I take the point that patriotism/nationalism is not a sufficient condition for defining fenqing; but, seriously, how often have you encountered a Chinese nationalist on one of your blogs that was not fenqing? I fear it’s a vanishingly rare phenomenon. Would you hold up Cao Meng De as an example? Anyone else?

  18. Politically Incorrect // March 16, 2009 at 7:45 am //


    I was actually referring to forums and blogs inside China such as tianya, netease, and some Chinese luminaries’ blogs, rather than the mitbbs. It varies from site to site, of course, but generally anti-government fenqins are more active than pro-government fenqins.

  19. By the way, I know “brainwashing” is a terribly emotive term, and we should probably try to avoid it when we’re being serious and considered and non-provocative about a topic, but…..

    An “information/education environment [that] is not only mono-message but actively hostile to dissenting perspectives”, an environment that induces people to accept a “worldview on a set of issues” and engenders “an inability to accept that other valid perspectives might exist”…… well, that’s one of the best definitions of “brainwashing” I’ve heard. Thanks, J!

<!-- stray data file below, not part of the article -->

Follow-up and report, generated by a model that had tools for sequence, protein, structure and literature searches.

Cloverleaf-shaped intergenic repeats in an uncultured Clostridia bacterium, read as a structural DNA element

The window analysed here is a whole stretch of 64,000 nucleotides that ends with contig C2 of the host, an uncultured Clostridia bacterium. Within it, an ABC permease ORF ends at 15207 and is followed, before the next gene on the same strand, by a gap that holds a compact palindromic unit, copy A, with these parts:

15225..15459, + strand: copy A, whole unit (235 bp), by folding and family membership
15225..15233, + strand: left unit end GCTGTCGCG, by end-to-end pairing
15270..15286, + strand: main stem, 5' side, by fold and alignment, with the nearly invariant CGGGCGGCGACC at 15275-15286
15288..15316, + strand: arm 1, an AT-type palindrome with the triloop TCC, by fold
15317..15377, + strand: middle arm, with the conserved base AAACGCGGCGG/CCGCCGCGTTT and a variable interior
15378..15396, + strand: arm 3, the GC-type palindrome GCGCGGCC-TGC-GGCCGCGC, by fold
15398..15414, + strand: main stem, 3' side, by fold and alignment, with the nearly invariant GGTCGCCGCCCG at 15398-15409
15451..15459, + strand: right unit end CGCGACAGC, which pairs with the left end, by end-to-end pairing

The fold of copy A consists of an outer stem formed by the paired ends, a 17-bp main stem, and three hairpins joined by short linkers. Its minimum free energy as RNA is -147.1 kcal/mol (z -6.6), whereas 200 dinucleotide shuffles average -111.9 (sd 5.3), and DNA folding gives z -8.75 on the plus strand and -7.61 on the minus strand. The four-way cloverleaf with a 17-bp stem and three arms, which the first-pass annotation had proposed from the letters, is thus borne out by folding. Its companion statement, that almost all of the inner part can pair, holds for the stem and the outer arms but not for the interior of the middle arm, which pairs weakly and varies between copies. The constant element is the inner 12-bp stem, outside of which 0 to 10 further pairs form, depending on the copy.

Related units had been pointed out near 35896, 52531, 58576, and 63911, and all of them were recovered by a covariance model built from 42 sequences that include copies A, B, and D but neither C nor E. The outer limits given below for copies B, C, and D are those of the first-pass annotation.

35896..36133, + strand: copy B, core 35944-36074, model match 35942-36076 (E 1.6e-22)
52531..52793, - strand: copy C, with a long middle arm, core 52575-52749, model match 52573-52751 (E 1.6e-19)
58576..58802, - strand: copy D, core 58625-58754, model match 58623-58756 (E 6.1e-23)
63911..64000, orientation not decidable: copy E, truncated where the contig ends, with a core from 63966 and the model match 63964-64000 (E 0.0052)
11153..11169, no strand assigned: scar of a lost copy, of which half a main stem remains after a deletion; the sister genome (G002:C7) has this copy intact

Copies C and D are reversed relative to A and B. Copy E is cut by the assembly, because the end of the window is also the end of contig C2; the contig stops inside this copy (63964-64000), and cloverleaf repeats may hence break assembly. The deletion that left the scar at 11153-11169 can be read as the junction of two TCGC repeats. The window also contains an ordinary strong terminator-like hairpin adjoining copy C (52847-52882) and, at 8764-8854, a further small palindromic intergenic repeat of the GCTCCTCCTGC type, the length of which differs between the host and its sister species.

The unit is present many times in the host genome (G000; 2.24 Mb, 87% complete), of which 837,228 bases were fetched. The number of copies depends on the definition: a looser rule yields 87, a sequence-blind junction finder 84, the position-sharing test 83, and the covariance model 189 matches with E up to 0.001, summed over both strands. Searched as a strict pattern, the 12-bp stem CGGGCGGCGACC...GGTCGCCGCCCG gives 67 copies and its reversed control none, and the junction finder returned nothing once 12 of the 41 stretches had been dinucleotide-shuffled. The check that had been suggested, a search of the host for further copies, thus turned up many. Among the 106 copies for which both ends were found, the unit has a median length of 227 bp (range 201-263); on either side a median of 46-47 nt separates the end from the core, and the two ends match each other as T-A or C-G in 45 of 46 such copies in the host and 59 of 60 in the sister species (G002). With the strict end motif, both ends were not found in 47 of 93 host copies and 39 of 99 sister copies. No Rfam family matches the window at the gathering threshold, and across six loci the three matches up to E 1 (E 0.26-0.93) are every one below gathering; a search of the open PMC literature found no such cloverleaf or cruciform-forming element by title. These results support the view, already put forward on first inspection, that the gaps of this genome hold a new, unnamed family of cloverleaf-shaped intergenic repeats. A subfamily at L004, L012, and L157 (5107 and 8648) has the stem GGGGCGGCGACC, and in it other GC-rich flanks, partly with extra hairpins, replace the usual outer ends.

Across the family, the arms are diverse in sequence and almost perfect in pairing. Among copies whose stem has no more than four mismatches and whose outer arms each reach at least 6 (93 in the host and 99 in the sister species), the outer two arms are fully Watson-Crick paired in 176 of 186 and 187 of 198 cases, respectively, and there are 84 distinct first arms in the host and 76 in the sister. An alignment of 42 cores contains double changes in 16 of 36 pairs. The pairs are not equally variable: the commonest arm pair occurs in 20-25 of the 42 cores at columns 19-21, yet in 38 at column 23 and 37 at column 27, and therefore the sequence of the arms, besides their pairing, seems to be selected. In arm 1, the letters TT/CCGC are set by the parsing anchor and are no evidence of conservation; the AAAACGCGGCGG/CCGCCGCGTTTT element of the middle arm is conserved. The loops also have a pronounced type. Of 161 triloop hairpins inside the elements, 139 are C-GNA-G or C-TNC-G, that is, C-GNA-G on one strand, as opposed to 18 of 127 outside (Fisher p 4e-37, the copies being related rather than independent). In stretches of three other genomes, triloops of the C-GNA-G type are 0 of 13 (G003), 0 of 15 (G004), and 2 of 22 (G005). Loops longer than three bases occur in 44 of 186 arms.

20. PI,

    Yeah, that’s what I understood you as writing (hence my crack about “Strong China”), and I think your point about anti-government fenqing is an intriguing one. As I’ve said, I think being a fenqing is less about the stance one takes rather than the tactics or rhetoric one uses in support of that stance.

  21. Except Froog…noting similarities is not the same as arguing causality.

  22. I recommend to the readers to take a look at the long squalid history of “Americanism”. The common features are obvious and needn’t be restated. Let’s call it “Chineseism” and allow that it is a mirror. Both grow out of a fundamental insecurity and fear. Both [along with Russianism, Germanism [though the Germans, as a whole, have damped it down as they learned where can lead] etc.] are virulent and dangerous as they are self-blinding and anti-rational.

  23. Cryptic! What am I missing here? (Haven’t had my morning coffee yet….)

    I don’t think I attempted to say anything about causality. I was just curious as to whether you – spending far more time online than me, and in Chinese as well as English – have actually encountered extreme Chinese nationalists who manage not to be fenqing about it?

  24. If you mean, J, that I was implying a causal link between the extreme nationalist views and the behaviours/style of argument – well, no, I didn’t seek to address that.